For monetary policy, where the Fed goes out of its way to make its policy rule known, and in financial markets where the participants study the markets as part of their jobs and there are considerable amounts of money on the line, perhaps those conditions are approximated. But does anyone understand what policy rule can be used to anticipate fiscal policy actions (who expected Congress to cut spending in a recession?), and does the typical household sufficiently understand how policy shocks affect the economy?
I think it’s a stretch to assume that people have this knowledge, but there are two responses to the objection that the economy is too complex for individuals to understand in the sense that rational expectations requires. The first is an “as if” argument. Think about a child who catches a ball thrown from some distance away.
Mathematically, catching the ball requires the child to solve a differential equation almost instantly, an impossible task. But our brains have developed a way to solve this problem that makes us act “as if’ we are finding the full mathematical solution. Perhaps our brains use similarly mysterious techniques that make us act “as if” we fully understand how the economy operates.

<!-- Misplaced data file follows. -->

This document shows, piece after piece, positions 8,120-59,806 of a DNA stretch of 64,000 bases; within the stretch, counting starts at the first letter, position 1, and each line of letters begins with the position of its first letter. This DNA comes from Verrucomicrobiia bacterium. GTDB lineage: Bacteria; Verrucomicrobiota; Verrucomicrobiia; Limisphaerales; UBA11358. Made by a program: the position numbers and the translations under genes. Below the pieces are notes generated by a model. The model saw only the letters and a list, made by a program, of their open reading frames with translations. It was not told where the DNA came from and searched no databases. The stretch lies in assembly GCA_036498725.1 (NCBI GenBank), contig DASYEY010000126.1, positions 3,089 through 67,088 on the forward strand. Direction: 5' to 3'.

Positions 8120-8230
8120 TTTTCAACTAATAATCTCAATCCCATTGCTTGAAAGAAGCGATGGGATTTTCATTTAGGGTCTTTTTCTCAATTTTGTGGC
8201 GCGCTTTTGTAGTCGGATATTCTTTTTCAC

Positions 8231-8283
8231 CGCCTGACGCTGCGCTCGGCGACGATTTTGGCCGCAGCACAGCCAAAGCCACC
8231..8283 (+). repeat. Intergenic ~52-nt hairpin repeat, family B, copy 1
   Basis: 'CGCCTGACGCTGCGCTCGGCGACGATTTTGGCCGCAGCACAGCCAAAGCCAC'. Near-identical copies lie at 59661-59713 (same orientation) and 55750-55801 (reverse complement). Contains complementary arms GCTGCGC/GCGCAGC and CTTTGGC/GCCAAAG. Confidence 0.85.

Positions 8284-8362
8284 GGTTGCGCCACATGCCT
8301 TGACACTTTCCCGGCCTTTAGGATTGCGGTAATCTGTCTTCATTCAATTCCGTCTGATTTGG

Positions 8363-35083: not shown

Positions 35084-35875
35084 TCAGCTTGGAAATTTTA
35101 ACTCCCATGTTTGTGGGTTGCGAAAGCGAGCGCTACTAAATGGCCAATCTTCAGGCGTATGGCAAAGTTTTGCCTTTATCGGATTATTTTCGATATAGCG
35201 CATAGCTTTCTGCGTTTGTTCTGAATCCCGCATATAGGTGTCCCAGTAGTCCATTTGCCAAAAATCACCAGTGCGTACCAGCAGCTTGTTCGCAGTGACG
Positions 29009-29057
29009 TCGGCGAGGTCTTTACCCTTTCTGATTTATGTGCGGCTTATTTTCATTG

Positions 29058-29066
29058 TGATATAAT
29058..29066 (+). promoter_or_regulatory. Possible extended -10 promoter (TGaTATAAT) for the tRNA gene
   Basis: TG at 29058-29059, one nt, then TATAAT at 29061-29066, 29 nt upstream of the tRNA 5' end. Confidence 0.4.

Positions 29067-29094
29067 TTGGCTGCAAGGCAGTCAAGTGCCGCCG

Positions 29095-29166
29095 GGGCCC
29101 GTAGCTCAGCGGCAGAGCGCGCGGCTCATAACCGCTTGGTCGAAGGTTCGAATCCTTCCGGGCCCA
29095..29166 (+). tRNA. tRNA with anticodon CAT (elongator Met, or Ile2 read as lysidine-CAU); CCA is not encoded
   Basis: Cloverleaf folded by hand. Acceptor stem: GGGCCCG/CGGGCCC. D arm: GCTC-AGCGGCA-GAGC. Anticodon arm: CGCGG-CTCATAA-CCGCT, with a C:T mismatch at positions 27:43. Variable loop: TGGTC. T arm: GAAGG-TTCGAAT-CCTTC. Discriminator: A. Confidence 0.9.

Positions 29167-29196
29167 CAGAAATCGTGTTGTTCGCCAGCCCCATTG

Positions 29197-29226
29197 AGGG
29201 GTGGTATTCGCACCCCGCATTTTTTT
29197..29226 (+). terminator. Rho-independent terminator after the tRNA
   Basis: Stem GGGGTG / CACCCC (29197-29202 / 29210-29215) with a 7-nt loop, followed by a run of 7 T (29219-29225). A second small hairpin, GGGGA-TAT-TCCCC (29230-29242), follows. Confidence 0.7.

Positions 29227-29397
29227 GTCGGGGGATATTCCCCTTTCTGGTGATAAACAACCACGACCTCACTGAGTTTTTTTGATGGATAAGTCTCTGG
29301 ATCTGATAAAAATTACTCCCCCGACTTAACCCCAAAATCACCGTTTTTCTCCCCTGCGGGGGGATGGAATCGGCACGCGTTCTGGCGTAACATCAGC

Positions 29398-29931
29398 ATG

The other argument is that although individuals may not get things exactly correct, markets aggregate information efficiently, e.g. individual errors average out at the market level. Thus, according to this view markets overcome the errors made by individuals and it’s proper to model markets as if expectations are rational.
Is either argument correct? Our brains may be hard-wired to track and catch an object in flight; the solution to that problem comes down to a very simple rule
the brain can employ, but do such simplifications and rules of thumb work in such a complex economy, one that professional economists do not fully understand? I’m skeptical that they do, and I’m also skeptical that markets can somehow magically compensate for the large and varied misunderstandings that typical households have about the economy.
Rational expectations are important for two reasons. First, they serve as a “perfect case” benchmark. In order to understand departures from rationality such as those embraced by Shiller, we need to know how the economy will function if agents fully understand everything about the economy and can process the information optimally.
Assuming rational expectations is like assuming a perfect vacuum in physics – it provides a baseline that can be augmented with real-world features.
Second, there are cases – simple games and financial markets for example – where the assumption of rational expectations may be approximately satisfied. But it’s a mistake, I think, to assume that rational expectations apply in all other settings or to the economy as a whole.
Economists need to know a lot more about when rational expectations apply and when they do not, and we need to amend our models appropriately. Behavioral economics is pushing us in this direction and providing some of the answers, but we have a long way to go before we’ll understand where and when the assumption of rational expectations is warranted.
Editor's Note: This article by Mark Thoma originally appeared on The Fiscal Times.